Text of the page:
Rhodes had been hard at work. Frustrated that she could not find information on building permit applications on the city’s Web site, she had been giving testimony before the City Council and had been pestering the top brass at Development Services to make this information available to the general public.
After a lot of complaining, Rhodes said she eventually convinced the department to begin e-mailing out the building permit reports.
It was through one of these reports, she said, that she found the information relating to the project next door to the White family. She relayed the information to Judith White, who immediately contacted the manager of the project, Daniel Stricker. Paul White said Stricker told him the officials had simply “forgotten” to mail the notices out.
Stricker puts it another way.
“I wouldn’t say we forgot,” he said, “but it’s certainly the nature of this project that the notices didn’t go out.”
However, Stricker said as soon as the issue was brought to his attention, a new hearing was arranged for concerned neighbors. The project still has a number of issues that need to be resolved, he said, and has not been finalized.
Rhodes said it’s only through her careful reading of the reports she was sent by Development Services that the error was caught.
Moreover, while Rhodes was one of the first people on the e-mail list for building permit information, she said the documents she was e-mailed (in PDF format) were formatted improperly so that they were almost illegible.
In addition, Rhodes said, she was unable to perform a search of the long lists of permit applications to find the information she was looking for. Instead, Rhodes said she manually cut and pasted the information into a spreadsheet and then searched through it.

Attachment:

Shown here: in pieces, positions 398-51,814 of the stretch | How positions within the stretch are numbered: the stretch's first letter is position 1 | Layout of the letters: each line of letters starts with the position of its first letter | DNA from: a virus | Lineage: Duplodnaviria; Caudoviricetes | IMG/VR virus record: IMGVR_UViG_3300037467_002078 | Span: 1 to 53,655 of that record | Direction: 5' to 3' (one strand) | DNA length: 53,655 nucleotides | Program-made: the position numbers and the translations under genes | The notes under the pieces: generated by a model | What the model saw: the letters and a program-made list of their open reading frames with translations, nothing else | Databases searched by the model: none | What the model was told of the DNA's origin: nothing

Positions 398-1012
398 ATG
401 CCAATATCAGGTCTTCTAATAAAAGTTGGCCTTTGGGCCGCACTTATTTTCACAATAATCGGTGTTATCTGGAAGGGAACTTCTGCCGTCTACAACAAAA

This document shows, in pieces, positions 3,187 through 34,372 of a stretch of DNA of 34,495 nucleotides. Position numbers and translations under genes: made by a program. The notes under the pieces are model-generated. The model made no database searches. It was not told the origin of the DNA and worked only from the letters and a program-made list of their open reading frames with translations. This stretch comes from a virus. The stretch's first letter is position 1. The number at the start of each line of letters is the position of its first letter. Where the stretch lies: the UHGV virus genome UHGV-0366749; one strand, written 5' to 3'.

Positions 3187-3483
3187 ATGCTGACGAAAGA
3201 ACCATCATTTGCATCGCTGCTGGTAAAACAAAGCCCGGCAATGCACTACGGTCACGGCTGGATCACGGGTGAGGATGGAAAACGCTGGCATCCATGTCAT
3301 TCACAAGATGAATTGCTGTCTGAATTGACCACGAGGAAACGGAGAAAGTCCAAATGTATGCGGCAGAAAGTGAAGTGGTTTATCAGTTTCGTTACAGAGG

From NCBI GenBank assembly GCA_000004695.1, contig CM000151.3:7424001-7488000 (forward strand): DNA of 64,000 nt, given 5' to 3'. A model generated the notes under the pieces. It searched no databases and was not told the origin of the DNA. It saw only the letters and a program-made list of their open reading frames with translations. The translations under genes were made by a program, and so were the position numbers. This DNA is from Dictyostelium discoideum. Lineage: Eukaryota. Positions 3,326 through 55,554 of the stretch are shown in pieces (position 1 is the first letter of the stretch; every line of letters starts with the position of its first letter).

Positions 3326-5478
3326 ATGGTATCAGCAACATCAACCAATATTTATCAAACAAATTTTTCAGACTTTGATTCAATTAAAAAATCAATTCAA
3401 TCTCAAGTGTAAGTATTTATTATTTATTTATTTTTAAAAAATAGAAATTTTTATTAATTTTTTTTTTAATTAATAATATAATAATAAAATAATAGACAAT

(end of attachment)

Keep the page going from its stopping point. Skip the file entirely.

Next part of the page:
But it’s not time to blast Development Services just yet.
That the department published comprehensive lists of building permit applications in a newspaper for almost 80 years seems to be an example of San Diego stepping beyond the mark of what is expected of it.
“I have never heard of that, and I’ve been practicing in this field for 47 years,” said Dan Curtin, one of the foremost experts on this aspect of municipal law in California. “There’s nothing in the Brown Act or anything in the Public Records Act that says they have to be published.”
That view is echoed by Larry Badiner, director of the city of San Francisco’s Planning Department. He said very few people are really interested in reading the legal notices in the local newspaper anyway, even when they concern large-scale projects. For standard building permits, he said, there would simply be no point in publishing them.
“If we had to publish every building permit that came through, forget it” he said.
When that happens, Rhodes and other neighborhood watchdogs and detectives will presumably let out a long sigh of relief, content that they will be able to easily spot any developers who may spoil their way of life.
On a recent sunny morning, the house-proud San Diegan looked out over her balcony toward the downtown skyline.
“It would just be a shame if they crowded this neighborhood with condos as far as the eye could see,” she said. “It would be such a shame.”